Ryan noted that since the start of the pandemic, there hasn’t been any childcare growth in the community, either.

Ryan said she has enjoyed being with her daughter at home during the pandemic. But after three years at home, she’s is excited to rejoin the workforce.

“The main challenge that this presented was the lack of childcare for my daughter,” she said. 

“Preschool hours are limited and do not coincide with my new work hours,” she said. 

“All the preschools in Jefferson County have a wait list. So, not only would I have to find someone to pick her up from preschool and drop her off, but I would need to find one that would even take her.”

Ryan doesn’t have family to help with her daughter. Now heading into the fall, Ryan and her husband estimate that their mortgage and childcare will be their “two main bills, which are similar in cost.”

“I think childcare is a huge issue with working families,” she said. “Why would I take a job that pays as much as my childcare costs?”  

NO ROOM AT THE INN

Helping Hands Child Care, a daycare in Port Townsend, has a waitlist of five to 10 children, Janet Nolan said Thursday. 

“It’s impossible to know how many people are going to stay on the waitlist,” she added, with the flux in parents’ jobs and schedules. 

Firefly Academy Preschool, also in Port Townsend, had a few spots open up just this week for exactly the same reasons, said Laura Faber. 

“There was a big waitlist for summer,” Faber said.

There was also an early fill-up for fall.

Childcare for 2-1/2-year-olds to 6-year-olds starts at $600 per child per month.

Daycare owner Mallory Cassell repeated the warning she has had to tell some parents: “I don’t know if you’ll ever find a place for three kids.”

“I tell everyone I meet who likes kids they should start a daycare,” Cassell added.

Her facility in Chimacum, Dragonfly Daycare, has been full for the nearly three years that she’s been in business.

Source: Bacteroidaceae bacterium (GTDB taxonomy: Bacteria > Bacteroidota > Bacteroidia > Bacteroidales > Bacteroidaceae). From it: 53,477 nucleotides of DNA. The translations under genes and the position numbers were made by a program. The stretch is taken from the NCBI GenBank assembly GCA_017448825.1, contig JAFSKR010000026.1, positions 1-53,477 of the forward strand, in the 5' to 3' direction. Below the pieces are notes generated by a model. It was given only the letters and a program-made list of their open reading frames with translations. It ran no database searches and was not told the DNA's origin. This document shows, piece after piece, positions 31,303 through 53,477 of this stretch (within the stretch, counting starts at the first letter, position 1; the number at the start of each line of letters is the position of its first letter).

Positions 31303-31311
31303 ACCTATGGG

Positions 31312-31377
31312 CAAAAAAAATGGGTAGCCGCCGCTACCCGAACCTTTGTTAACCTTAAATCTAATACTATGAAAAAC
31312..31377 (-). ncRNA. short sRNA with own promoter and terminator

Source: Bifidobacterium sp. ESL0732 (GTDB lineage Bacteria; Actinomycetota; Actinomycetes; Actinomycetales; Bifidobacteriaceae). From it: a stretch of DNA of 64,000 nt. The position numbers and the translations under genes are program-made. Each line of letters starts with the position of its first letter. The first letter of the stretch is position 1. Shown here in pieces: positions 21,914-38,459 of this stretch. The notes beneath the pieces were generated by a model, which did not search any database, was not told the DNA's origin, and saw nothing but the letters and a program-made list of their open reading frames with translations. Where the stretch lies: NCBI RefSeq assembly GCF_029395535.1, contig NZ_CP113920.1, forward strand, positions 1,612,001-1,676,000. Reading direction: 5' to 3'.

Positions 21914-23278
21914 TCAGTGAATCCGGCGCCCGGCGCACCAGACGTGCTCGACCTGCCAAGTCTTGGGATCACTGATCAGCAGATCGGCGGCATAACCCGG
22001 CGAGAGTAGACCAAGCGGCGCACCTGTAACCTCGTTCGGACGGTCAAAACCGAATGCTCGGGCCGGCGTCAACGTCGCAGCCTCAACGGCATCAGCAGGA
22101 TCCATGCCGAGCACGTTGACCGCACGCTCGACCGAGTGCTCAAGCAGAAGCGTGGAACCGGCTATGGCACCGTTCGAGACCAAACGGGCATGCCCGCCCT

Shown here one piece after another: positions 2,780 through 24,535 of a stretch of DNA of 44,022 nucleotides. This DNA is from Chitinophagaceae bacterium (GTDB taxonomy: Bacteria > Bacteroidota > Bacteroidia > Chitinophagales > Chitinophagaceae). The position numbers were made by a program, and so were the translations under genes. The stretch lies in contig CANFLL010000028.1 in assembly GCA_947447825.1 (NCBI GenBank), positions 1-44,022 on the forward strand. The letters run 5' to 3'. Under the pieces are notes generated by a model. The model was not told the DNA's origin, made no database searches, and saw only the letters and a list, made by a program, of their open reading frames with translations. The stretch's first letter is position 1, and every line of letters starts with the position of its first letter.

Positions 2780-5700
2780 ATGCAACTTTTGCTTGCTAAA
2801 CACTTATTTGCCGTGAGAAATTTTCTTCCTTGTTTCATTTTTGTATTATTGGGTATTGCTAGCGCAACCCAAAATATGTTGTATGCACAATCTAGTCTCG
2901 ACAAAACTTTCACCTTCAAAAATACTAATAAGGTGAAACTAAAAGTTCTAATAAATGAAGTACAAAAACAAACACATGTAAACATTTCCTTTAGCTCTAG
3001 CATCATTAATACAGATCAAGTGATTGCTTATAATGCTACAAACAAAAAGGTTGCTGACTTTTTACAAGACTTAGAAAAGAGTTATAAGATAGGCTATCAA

The soonest opening?  

September 2023.

A representative for Cedarbrook Early Learning Center in Port Hadlock-Irondale advised women to get on an infant care waitlist “as soon as you know you’re pregnant.”

There is currently a solid six-month or more wait for almost every age group, from infant to school age. It’s the highest demand that Cedarbrook Early Learning Center has ever had.

Looking for independent sitters? A quick search of care.com, a vetted childcare provider website, showed seven local caregivers with a median fee of $24 hourly. Washington states’ average hourly median wage is $21.77 an hour, and the minimum wage is $13.86 in Jefferson County.

SINGLED OUT

Emily Pryor has been a nurse for 23 years and a mom for over 14. She juggles a full-time job and three school-age children. 

The pandemic has affected her family uniquely; once folks found out she was in healthcare, no one would watch her children. 

Her employer, Jefferson Healthcare, offered to pay 50 percent of employee childcare cost, which has been “incredible,” Pryor said. 

“I would like to see [that] forever.”    

Currently, with her employer covering half of the family’s childcare costs, she pays $700 out of pocket, and $2,000 a month for rent. The money she’s saving on childcare is going toward food. 

“The cost … is crazy,” Pryor said.

“If you want your kids at home, there really aren’t options,” she said. 

“Last summer, I had some teenagers, I would pay them $80 a day.” 

They fed her kids candy and kept the TV on all day while they watched YouTube, Pryor recalled. 

“It wasn’t enriching,” Pryor said.

There was some talk of co-caring with other parents, but that did not work out, she said. 

Pryor credits the YMCA as the most important local childcare resource, and “her only choice.”

The staff has been positive, and connects well with her 7-year-old daughter.  

Still, it’s expensive. 

“I pay for five days a week, even when she’s not there,” Pryor said. 

Pryor works four, 10-hour days.

Even before the pandemic, Pryor felt she was living paycheck to paycheck. 

“As a single mom, I’ve felt like that for a long time now,” she said softly. “You can’t really get ahead, because you never have any extra at all.”

Ultimately, though, the weight on her mind is keeping her children safe. 

“I’ve heard of kids living out of cars or tents [here], which is no place for a kid to be,” she said.

“Do you have childcare for them is a number-one thought.”